Veteran deal-makers in Hong Kong donned their distinctive red vests for the last time Friday as the city's historic share trading hall closed for business for the final time.
As electronic and internet services burgeoned, the vast majority of stockbrokers drifted away from the once raucous hall to base themselves in corporate offices, leaving just a handful who used the floor daily.
But traders past and present gathered there once more to commemorate its closing at a farewell ceremony on Friday.
They remembered it as a thriving hub of brokers who saw each other as friends and relied on word of mouth and trust.
Chan Pui-yee, 66, wore the old red vest emblazoned with her trader identification number as she reminisced in the hall and says she is still good friends with her former colleagues.
"We traded together for 20 years," she told AFP.
"It's a shame -- I grew up here," she said of the closure.
Under British rule, Hong Kong transformed into a commercial and financial hub, becoming a gateway between China and the rest of the world as the mainland opened up its economy from the late 1970s.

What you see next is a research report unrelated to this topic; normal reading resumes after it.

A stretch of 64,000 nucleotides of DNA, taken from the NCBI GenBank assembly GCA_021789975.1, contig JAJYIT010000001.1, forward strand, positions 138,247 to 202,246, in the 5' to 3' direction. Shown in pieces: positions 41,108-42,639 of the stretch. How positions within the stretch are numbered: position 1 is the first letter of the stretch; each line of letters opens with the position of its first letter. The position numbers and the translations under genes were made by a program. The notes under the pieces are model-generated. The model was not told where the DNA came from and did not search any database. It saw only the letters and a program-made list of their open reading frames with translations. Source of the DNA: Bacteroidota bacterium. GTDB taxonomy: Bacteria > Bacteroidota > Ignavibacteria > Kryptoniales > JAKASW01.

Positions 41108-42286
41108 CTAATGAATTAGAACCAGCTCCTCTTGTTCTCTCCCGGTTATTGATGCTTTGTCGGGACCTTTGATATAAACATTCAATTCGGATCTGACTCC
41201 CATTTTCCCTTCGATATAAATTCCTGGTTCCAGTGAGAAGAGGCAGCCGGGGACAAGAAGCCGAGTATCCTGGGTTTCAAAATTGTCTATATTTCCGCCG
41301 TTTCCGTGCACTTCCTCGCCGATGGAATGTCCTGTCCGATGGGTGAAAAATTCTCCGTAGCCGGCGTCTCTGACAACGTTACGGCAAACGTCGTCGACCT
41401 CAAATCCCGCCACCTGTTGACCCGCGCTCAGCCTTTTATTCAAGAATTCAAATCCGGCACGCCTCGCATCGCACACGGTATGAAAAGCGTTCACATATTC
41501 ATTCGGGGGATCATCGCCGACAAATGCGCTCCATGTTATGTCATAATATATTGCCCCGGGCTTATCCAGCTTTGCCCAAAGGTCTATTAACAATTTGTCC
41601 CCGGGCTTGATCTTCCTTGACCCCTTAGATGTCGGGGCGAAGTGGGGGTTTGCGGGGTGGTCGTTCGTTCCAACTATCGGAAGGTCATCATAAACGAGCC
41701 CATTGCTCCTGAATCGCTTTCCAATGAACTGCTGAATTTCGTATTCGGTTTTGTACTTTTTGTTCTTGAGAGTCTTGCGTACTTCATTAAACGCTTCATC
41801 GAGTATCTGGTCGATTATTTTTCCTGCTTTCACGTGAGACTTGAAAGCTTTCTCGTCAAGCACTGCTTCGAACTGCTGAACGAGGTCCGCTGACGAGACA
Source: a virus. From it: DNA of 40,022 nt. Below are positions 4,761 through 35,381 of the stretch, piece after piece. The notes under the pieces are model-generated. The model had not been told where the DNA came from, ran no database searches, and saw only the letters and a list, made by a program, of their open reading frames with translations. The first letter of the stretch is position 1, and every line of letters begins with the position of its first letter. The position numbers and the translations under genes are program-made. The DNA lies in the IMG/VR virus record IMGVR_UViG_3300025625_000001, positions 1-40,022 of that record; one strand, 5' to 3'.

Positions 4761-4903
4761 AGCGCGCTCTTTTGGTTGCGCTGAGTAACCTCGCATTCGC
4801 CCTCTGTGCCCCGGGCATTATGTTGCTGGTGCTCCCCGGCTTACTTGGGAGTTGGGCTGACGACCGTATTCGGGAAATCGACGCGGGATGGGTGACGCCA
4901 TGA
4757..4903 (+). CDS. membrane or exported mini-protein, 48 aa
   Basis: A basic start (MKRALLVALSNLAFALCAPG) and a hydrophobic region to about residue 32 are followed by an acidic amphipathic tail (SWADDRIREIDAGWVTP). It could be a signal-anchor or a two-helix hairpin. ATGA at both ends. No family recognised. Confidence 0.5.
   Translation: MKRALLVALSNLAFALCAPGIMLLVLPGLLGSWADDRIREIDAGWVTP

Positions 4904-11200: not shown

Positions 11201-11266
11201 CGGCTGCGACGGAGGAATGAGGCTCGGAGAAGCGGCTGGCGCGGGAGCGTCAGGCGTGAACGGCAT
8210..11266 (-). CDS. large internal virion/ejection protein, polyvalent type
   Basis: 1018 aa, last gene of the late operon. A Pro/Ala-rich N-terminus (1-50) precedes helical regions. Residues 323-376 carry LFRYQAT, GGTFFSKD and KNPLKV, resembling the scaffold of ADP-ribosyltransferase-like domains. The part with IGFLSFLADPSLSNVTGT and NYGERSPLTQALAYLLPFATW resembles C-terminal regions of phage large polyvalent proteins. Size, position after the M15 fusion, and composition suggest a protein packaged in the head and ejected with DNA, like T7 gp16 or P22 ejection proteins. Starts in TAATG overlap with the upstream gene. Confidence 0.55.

In 1986 the city's four separate stock exchanges merged into one and the trading floor opened.
Brokers exchanged gossip, gesticulated wildly and yelled into telephones, but the introduction of electronic trading in 1993 triggered a major shift away from face-to-face deals.
Three years later brokers were able to trade away from the hall as terminals were installed in their own offices.
And from 2000 they could offer services online, after the exchange invested HK$300 million ($38 million) in cutting-edge technology.
Those who still used the hall mainly saw it as convenient and affordable office space.
Hong Kong exchange chairman Chow Chung-kong called the floor a "symbol of the Hong Kong security market" over the past three decades at the farewell ceremony.
Even city leader Carrie Lam put on a red vest for the occasion -- labelled with the number 001.
While trading these days is quicker and more convenient, the brokers gathered said something would be lost with the closure.
"Everyone will miss this," said former trader Yip Wing-keung, now in his 70s.
"The atmosphere will be gone."
The Hong Kong exchange has said the hall will be remade into an exhibition and event space as part of wider renovations to its building in the commercial zone of Central.